- Land and marine potential park areas indicated by Laws 394/91 and 979/82, i.e. areas of conservation importance earmarked as top priority for inclusion as protected areas.
Q-4: What national authorities do protected areas come under?
- A: National parks and marine areas come under the auspices of the Italian Ministry for the Environment and the Protection of Land and Sea, while regional parks are run by the various regional administrations. There are also reserves which come under the auspices of the Italian Ministry for Agricultural Policy, and others which are run by provincial or municipal administrations and by private citizens.
It should be pointed out, however, that once a park has been created, it will be managed by an independent institution as a separate legal entity.
Q-5: How are protected areas funded? Do they have any self-funding mechanisms?
- A: Protected areas are funded by public sources managed by national and regional administrations.
Many parks have self-financing mechanisms, through the provision of tourist facilities, environmental education, and sales of craft products, etc.
Q-6: Who is in charge of running the various land and marine protected areas?
- A: According to the type of area, the management body for a protected area may be an independent public organisation, at a national or regional level, a consortium, a municipal administration or an association. Some of the management of marine parks is carried out by the Coastguard/Harbourmaster corps (known in Italian as Capitanerie di Porto). National Nature Reserves are still managed directly by the Forestry Corps, which comes under the aegis of the Agriculture Ministry, but the law requires them to be transferred at a future date to the Parks.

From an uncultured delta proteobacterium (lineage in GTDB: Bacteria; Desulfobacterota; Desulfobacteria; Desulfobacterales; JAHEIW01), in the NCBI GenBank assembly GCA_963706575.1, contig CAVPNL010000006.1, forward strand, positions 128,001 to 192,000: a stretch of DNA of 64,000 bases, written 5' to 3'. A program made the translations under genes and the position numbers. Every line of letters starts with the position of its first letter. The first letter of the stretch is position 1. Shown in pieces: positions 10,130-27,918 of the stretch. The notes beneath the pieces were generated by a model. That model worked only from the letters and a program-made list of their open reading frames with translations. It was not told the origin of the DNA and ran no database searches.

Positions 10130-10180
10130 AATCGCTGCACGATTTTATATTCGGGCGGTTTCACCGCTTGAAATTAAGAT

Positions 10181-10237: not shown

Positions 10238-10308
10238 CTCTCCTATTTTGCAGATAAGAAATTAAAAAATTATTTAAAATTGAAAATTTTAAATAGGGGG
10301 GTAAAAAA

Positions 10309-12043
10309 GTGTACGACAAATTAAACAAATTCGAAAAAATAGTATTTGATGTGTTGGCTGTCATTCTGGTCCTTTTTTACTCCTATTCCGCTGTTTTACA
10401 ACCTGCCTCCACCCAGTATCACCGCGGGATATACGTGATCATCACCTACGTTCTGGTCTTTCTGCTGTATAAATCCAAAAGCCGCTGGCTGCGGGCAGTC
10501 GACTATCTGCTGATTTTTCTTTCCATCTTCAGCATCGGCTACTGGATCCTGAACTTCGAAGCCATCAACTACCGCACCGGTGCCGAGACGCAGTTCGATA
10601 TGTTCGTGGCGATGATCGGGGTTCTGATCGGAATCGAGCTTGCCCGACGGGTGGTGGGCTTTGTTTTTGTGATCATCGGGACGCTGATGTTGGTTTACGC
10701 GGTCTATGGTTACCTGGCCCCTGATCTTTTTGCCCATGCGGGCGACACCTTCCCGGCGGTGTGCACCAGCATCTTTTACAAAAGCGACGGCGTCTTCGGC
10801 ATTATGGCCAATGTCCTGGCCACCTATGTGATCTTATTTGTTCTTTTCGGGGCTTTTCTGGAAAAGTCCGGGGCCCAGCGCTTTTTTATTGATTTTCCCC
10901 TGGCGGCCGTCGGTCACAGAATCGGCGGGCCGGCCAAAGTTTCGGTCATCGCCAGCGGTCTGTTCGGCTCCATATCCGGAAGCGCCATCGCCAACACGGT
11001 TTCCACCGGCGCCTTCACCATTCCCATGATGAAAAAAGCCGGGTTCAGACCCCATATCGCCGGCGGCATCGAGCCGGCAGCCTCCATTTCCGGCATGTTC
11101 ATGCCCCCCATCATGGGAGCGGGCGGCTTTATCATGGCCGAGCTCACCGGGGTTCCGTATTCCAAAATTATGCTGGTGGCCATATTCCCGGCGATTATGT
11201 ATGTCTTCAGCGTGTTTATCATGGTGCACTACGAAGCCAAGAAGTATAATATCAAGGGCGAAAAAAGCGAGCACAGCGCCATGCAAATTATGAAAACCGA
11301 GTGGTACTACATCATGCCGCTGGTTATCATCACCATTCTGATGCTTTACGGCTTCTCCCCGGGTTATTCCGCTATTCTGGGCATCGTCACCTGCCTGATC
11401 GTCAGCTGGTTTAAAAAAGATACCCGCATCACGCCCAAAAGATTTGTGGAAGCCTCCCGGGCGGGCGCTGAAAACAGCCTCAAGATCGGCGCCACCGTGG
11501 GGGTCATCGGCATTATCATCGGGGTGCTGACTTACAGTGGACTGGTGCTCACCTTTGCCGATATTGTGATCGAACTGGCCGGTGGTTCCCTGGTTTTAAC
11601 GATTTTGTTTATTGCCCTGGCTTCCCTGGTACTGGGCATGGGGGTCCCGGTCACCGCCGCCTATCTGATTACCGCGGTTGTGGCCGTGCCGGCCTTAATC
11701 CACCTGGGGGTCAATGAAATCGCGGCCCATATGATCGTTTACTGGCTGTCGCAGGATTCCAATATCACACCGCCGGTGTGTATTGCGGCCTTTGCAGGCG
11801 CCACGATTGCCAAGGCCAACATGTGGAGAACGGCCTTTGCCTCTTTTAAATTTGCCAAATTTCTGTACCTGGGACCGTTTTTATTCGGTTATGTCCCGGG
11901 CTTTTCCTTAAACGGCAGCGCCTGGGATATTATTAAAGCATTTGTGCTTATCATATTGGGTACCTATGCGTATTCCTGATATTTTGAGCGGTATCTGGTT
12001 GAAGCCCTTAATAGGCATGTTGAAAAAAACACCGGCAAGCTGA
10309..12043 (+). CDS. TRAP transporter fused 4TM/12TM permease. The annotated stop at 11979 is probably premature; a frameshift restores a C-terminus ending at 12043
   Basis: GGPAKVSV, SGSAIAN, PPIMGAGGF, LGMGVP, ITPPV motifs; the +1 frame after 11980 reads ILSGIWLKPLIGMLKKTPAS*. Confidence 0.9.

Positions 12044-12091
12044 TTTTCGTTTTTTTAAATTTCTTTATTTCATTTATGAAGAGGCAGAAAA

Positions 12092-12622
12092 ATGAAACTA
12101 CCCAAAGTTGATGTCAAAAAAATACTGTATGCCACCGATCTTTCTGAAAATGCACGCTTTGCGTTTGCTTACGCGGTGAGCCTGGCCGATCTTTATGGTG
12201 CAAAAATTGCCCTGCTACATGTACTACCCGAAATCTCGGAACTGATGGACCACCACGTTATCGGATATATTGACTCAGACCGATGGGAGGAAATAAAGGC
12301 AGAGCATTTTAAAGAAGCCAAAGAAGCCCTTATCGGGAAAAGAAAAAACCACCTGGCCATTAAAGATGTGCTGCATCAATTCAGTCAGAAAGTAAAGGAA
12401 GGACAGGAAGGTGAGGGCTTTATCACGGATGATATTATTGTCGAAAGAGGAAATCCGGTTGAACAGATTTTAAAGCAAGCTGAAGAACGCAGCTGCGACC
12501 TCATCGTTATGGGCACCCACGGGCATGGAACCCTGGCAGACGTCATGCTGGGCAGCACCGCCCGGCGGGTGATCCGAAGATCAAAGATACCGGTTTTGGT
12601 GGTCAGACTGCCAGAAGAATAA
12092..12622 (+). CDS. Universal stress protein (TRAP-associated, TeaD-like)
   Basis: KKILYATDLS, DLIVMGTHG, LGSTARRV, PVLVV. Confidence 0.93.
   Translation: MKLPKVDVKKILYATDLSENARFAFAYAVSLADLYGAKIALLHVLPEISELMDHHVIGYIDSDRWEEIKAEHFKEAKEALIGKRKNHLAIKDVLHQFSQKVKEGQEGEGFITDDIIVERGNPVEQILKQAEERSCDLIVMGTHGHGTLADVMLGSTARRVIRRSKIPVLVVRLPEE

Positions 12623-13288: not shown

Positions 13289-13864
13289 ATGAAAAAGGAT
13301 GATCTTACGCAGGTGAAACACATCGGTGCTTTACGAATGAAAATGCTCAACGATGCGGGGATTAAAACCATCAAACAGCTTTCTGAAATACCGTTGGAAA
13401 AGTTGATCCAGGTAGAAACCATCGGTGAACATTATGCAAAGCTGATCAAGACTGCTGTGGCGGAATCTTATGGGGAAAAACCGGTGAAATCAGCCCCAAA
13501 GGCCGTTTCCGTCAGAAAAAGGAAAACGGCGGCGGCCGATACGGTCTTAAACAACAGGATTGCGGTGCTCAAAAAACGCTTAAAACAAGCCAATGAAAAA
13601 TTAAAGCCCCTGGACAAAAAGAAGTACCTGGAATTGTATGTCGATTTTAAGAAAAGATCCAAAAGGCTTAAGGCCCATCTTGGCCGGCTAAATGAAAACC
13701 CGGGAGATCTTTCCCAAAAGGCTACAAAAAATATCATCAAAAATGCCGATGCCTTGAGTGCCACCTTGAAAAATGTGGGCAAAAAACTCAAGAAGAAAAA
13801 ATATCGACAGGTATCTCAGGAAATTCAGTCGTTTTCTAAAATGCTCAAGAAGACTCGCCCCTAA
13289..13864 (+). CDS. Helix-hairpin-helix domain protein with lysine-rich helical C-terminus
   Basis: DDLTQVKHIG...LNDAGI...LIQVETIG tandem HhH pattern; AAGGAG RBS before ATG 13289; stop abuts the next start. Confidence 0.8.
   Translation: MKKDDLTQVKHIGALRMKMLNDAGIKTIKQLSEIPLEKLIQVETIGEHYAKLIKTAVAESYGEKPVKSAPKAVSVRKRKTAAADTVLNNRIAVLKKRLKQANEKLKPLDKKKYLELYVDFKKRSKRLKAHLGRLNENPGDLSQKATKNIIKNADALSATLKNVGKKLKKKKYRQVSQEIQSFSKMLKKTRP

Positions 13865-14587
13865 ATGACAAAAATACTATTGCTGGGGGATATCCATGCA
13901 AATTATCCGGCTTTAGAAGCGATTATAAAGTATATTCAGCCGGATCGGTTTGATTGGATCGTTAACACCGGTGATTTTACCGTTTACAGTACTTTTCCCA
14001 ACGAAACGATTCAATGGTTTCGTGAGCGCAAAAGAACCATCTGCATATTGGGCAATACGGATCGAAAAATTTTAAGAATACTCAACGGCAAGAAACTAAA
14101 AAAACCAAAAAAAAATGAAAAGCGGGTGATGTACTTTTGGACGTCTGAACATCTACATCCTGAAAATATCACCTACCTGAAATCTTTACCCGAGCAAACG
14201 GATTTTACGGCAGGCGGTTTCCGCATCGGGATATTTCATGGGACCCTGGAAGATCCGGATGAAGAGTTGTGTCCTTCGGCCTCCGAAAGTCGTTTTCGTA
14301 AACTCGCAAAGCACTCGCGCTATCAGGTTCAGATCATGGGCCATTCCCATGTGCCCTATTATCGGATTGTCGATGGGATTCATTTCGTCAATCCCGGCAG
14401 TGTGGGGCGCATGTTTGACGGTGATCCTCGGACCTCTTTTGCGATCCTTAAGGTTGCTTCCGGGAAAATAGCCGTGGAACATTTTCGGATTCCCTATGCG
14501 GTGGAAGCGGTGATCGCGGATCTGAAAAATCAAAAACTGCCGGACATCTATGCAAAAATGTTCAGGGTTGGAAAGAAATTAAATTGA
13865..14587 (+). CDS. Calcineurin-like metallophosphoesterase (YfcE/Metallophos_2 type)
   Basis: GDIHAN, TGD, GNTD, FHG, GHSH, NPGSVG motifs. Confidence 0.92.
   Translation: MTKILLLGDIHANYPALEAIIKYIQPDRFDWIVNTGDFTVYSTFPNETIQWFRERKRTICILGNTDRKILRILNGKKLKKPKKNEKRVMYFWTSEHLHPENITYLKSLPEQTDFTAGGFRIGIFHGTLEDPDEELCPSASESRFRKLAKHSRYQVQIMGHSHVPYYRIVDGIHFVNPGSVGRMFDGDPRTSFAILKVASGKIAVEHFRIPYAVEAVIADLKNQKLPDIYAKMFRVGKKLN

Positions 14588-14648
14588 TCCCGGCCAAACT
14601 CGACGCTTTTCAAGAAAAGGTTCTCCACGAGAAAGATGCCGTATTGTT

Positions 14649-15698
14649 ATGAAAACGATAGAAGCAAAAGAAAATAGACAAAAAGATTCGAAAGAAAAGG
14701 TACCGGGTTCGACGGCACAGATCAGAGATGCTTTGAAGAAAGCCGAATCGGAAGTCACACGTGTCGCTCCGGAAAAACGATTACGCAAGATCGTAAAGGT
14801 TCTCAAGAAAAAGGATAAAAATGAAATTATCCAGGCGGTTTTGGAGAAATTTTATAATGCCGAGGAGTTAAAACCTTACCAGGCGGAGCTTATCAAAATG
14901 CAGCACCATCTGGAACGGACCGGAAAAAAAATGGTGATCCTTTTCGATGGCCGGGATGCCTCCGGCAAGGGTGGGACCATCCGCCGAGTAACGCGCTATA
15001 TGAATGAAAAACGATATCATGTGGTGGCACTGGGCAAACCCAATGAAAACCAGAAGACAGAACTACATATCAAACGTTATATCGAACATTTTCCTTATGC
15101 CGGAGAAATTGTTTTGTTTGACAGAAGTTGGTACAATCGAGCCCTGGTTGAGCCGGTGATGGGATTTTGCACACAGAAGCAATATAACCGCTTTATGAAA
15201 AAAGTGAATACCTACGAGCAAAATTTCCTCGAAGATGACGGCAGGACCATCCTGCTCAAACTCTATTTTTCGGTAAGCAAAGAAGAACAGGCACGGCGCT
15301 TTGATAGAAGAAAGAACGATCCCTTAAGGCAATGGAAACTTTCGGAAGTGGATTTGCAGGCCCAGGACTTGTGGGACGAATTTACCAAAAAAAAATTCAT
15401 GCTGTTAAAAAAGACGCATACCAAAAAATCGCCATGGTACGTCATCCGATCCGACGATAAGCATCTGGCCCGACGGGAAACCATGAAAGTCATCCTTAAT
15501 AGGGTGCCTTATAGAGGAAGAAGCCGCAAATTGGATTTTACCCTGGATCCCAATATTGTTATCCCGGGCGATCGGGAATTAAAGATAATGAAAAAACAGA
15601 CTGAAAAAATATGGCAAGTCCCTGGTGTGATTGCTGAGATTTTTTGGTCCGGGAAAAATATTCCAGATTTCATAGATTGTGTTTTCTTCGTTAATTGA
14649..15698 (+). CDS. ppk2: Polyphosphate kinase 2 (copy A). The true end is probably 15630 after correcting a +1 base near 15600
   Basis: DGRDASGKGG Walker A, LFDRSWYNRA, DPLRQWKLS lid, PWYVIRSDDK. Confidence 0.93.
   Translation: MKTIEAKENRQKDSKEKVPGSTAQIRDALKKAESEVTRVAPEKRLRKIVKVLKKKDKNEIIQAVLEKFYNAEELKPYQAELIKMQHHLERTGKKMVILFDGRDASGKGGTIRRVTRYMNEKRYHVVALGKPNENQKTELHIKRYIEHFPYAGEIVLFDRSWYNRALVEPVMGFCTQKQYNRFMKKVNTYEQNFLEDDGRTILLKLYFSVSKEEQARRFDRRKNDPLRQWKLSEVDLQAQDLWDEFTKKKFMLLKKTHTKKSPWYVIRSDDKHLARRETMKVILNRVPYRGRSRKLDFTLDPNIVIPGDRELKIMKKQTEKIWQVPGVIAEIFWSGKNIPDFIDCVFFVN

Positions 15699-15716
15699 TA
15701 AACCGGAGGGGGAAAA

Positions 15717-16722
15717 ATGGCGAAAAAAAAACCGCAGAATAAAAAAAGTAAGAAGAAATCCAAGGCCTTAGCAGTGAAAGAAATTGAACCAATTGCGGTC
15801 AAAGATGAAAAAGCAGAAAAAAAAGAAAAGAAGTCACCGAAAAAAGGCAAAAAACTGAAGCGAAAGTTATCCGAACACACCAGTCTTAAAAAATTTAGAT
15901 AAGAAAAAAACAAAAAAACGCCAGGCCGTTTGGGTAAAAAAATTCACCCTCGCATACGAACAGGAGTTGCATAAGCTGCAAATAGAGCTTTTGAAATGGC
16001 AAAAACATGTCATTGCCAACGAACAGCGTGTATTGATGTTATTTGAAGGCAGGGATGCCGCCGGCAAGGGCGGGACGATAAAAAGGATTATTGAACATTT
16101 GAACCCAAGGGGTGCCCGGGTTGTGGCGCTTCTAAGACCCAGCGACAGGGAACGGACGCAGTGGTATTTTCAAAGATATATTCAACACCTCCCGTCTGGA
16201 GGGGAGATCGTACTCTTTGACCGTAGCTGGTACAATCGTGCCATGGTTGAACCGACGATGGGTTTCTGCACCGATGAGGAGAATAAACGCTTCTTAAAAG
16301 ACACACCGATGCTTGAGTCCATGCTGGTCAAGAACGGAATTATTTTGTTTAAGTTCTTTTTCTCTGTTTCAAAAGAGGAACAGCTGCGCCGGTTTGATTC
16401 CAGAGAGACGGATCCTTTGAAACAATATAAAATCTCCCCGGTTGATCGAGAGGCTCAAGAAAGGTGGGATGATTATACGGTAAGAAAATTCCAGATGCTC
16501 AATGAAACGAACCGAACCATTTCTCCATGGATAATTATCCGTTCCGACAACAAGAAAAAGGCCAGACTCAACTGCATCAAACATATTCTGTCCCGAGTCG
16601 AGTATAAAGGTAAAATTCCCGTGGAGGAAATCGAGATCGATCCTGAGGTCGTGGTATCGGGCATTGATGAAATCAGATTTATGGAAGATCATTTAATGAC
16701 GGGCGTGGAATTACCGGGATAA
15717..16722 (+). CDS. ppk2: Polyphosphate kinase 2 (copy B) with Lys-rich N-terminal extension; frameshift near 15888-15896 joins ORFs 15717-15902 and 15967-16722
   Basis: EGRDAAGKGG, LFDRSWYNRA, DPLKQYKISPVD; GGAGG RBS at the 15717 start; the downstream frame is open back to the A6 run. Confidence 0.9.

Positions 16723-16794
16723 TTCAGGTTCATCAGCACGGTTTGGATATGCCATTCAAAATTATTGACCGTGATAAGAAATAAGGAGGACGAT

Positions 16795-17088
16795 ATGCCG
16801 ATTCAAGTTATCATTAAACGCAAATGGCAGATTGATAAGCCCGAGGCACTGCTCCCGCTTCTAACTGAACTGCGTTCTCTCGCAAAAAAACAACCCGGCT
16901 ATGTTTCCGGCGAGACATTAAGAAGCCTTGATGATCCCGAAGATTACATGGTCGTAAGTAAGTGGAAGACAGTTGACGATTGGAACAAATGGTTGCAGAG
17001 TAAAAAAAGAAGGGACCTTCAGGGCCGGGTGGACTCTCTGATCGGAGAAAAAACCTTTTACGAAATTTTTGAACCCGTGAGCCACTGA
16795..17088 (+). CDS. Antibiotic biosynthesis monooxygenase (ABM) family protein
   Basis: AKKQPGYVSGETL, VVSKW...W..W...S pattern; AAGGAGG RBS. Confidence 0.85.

Q-7: What is the organisational structure of the staff working in protected areas?
- A: In general, with a few exceptions, the structure is as follows:
- Institutional Sector
- Scientific Service
- Administrative Sector
- Finance & Budgeting
- Book-keeping and Equity
- Public Relations
- Human Resources
- Plant Maintenance
Q-8: What planning tools do protected areas use?
- A: National parks draw up a Park Plan, as do some regional parks. Other regional parks draw up a Territorial Coordination Plan. These documents are approved by the management council and by the regional administration(s). National Parks also draw up a Social and Financial Long-term Strategic Plan (known in Italian as the Piano Pluriennale Economico e Sociale).
Park Regulations: approved by the management council and by the Italian Ministry for the Environment and the Protection of Land and Sea.
Q-9: How does the zoning system work in land and marine protected areas? What type of activities are allowed in each zone?
- A: Zoning involves dividing the territory of the Park into 4 different zones:
- Zone A: Strict Nature Reserve. No human activities allowed except for scientific research.